# The Final Move! By Jonathan Leonor. Daniel, in a game of chess, is in a tough situation because he only has one move left to checkmate his opponent other.

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The Final Move! By Jonathan Leonor

Daniel, in a game of chess, is in a tough situation because he only has one move left to checkmate his opponent other wise it will be a stalemate. Daniel most think and organize carefully his next move in order to do checkmate. Daniel contemplates on his final move Daniel contemplates on his final move Daniel looks at his three chess pieces (a queen, a rook and a horse) he can use for checkmate Daniel looks at his three chess pieces (a queen, a rook and a horse) he can use for checkmate He concentrates and looks for more than one way to checkmate He concentrates and looks for more than one way to checkmate He then looks at his opponents possible moves that could escape the checkmate He then looks at his opponents possible moves that could escape the checkmate He then decides which piece to move and where to move it to end the game He then decides which piece to move and where to move it to end the game Daniel Makes his final move Daniel Makes his final move Daniel moves his queen to the designated spot he had planned Daniel moves his queen to the designated spot he had planned Then he speaks the words “checkmate” Then he speaks the words “checkmate” The opponent looks carefully at the move and realizes it is checkmate The opponent looks carefully at the move and realizes it is checkmate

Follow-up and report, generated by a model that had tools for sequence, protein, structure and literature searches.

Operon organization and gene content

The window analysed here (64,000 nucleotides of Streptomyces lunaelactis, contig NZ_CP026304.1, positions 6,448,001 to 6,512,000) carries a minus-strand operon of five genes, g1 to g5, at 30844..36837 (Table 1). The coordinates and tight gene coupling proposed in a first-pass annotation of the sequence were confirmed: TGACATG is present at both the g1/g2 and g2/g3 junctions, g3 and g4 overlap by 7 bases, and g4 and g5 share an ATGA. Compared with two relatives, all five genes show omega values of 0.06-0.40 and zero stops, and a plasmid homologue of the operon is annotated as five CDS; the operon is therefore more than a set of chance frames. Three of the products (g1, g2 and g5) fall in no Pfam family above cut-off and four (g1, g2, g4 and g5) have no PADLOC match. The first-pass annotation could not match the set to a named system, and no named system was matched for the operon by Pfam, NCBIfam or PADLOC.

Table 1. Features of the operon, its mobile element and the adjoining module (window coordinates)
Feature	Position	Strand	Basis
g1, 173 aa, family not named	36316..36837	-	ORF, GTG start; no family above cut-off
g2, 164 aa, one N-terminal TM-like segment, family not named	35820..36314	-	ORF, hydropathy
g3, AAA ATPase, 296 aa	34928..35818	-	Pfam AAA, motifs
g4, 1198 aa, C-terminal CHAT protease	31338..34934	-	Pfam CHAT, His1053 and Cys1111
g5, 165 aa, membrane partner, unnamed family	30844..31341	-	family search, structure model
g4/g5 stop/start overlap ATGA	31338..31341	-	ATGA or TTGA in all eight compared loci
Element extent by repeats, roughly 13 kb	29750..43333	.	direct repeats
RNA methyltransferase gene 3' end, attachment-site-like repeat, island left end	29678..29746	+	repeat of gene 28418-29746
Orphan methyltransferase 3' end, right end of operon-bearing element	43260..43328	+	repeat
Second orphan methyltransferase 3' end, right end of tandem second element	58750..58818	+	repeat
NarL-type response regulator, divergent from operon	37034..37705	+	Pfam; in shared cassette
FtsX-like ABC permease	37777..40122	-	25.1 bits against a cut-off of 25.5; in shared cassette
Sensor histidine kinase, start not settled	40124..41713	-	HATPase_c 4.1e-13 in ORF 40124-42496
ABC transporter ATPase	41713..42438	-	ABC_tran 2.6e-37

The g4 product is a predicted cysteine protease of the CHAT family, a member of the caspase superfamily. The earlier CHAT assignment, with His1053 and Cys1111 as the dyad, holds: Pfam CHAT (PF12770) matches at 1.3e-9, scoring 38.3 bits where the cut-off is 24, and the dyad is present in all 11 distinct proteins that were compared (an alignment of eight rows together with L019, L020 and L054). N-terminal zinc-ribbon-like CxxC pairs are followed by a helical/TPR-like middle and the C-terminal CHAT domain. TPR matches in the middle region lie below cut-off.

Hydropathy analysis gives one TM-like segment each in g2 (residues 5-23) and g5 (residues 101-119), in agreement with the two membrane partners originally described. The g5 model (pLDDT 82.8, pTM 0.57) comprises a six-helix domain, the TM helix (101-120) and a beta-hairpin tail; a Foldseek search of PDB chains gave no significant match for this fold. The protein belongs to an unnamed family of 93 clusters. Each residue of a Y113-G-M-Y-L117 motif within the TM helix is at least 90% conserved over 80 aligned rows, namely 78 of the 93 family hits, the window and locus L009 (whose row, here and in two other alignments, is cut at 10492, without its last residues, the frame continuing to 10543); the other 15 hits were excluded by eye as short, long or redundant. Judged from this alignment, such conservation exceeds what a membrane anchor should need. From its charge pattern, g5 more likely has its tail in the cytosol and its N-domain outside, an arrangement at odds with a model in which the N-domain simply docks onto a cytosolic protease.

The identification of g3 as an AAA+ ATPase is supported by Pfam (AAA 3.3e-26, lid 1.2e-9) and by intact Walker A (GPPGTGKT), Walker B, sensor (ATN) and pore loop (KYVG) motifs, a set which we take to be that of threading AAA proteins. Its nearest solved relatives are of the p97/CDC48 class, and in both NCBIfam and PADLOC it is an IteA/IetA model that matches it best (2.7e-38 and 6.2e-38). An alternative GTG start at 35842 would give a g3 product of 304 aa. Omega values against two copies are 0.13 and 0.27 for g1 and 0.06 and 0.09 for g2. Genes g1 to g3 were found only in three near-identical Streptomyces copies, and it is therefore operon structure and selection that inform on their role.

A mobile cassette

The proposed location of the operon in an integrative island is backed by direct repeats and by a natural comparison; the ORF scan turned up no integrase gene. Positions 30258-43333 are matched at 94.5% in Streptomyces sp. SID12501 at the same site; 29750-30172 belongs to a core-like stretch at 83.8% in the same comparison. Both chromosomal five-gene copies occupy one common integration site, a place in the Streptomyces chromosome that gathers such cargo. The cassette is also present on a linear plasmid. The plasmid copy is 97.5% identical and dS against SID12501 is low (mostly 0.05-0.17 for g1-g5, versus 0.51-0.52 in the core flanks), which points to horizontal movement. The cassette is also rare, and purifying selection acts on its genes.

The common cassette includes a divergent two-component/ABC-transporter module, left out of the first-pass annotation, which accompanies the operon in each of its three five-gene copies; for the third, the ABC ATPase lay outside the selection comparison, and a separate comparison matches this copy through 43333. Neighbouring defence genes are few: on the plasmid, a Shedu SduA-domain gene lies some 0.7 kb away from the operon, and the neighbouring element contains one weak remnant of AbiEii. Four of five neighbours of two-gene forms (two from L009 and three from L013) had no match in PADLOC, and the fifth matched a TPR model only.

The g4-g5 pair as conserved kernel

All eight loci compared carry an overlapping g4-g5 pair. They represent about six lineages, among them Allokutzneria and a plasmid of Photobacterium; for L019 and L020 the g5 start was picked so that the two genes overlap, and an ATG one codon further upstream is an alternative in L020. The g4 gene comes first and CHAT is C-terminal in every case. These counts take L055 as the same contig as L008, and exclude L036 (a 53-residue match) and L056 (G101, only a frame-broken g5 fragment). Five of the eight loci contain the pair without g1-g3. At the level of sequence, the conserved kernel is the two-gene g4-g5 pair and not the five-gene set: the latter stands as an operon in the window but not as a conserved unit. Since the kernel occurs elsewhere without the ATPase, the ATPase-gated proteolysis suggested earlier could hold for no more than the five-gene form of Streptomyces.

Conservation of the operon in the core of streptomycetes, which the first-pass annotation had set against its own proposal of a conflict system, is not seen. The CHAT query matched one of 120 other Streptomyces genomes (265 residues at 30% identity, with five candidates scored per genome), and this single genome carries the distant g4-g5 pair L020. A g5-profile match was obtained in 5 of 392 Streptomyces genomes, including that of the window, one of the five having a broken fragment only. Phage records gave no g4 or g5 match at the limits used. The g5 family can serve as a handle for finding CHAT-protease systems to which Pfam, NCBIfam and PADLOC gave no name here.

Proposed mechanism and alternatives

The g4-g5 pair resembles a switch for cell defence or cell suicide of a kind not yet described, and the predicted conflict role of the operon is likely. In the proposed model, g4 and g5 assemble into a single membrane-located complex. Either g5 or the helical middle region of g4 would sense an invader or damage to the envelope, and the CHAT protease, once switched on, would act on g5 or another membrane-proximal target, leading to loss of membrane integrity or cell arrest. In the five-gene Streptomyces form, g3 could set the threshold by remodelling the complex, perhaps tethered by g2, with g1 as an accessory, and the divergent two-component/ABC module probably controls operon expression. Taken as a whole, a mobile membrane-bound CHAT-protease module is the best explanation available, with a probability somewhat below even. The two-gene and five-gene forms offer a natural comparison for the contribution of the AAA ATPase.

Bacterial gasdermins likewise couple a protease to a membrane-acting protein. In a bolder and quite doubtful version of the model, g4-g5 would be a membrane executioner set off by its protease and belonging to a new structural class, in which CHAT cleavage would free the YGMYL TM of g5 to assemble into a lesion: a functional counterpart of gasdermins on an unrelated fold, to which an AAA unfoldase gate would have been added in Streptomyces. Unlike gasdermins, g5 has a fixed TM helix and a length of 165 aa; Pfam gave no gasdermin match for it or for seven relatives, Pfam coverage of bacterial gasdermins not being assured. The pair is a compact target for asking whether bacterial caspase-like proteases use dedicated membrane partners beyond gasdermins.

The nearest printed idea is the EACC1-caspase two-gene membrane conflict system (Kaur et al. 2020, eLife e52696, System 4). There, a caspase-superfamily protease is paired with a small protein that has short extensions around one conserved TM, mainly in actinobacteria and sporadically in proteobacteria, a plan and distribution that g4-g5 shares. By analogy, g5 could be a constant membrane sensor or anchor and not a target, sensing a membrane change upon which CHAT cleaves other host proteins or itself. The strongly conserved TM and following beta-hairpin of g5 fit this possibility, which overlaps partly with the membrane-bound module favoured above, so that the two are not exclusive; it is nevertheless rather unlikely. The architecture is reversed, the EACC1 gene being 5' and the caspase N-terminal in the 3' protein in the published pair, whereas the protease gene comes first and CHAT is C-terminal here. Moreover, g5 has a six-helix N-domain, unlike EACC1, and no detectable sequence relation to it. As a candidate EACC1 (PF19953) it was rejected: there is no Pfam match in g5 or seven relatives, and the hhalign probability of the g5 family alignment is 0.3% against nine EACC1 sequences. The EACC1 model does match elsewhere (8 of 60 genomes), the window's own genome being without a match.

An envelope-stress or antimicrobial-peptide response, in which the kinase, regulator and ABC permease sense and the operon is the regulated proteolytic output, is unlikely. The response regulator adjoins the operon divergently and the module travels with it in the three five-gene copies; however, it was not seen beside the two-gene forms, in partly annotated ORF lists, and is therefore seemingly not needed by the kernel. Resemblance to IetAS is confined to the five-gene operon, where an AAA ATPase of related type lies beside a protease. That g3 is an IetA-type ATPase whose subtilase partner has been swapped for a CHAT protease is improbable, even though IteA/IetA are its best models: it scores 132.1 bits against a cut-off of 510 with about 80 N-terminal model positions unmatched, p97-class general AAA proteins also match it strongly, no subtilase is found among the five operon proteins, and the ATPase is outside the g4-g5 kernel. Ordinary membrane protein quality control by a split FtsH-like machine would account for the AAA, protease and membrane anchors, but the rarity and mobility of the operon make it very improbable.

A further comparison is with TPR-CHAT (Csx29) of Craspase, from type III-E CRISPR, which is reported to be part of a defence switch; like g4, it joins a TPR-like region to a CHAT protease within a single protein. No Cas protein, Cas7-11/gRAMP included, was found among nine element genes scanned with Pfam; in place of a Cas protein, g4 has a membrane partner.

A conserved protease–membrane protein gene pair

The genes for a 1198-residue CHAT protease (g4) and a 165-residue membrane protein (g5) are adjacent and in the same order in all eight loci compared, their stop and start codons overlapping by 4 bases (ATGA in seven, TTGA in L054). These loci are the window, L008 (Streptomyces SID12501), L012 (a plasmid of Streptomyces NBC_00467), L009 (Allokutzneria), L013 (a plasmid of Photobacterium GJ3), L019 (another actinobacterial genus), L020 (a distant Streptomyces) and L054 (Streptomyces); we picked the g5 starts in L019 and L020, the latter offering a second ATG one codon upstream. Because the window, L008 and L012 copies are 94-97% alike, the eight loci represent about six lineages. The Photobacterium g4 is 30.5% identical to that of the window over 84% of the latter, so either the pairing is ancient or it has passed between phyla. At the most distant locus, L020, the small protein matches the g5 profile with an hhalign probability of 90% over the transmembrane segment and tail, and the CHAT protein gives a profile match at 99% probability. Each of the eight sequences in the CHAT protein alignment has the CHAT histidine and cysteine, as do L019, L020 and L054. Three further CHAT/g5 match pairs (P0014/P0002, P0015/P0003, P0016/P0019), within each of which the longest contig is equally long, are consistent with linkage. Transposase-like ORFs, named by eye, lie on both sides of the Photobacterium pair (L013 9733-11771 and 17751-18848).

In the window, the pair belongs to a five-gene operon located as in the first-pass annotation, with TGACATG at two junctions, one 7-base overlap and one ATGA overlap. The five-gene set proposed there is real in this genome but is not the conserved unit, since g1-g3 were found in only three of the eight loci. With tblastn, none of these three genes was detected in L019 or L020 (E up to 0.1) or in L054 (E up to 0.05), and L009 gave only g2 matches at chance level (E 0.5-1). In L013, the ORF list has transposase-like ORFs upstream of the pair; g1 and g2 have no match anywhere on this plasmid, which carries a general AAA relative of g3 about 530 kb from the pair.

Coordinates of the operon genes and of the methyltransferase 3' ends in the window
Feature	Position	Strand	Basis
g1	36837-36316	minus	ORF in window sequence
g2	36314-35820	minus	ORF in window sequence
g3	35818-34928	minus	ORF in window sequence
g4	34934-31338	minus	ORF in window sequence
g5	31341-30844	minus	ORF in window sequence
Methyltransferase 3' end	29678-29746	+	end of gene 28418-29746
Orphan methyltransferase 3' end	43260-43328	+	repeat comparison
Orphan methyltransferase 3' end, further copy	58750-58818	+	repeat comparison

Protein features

Subtasks time line Daniel looks at his three chess pieces (queen, rook, horse). Concentrates and looks for more than one way to checkmate Looks at his opponents possible moves that could escape the checkmate Decides which piece to move and where to move it. Daniel moves his queen to the designated spot he had planned Then he excitedly speaks the words “checkmate”

Where path way What path way looks at his three chess pieces. (primary visual cortex, superior colliculus) Identifies the three pieces as queen, rook and horse. (identification done by the what path way in association with temporal lobe, and hippocampus) Concentrates and looks for more than one way to checkmate. (Prefrontal cortex for logic, reasoning, strategizing, and parietal lobe for spatial representation) Active regions of the brain during this task Looks at his opponents possible moves that could escape the checkmate. (primary visual cortex, superior colliculus, prefrontal cortex for logic, reasoning and strategizing, and parietal lobe for spatial representation)

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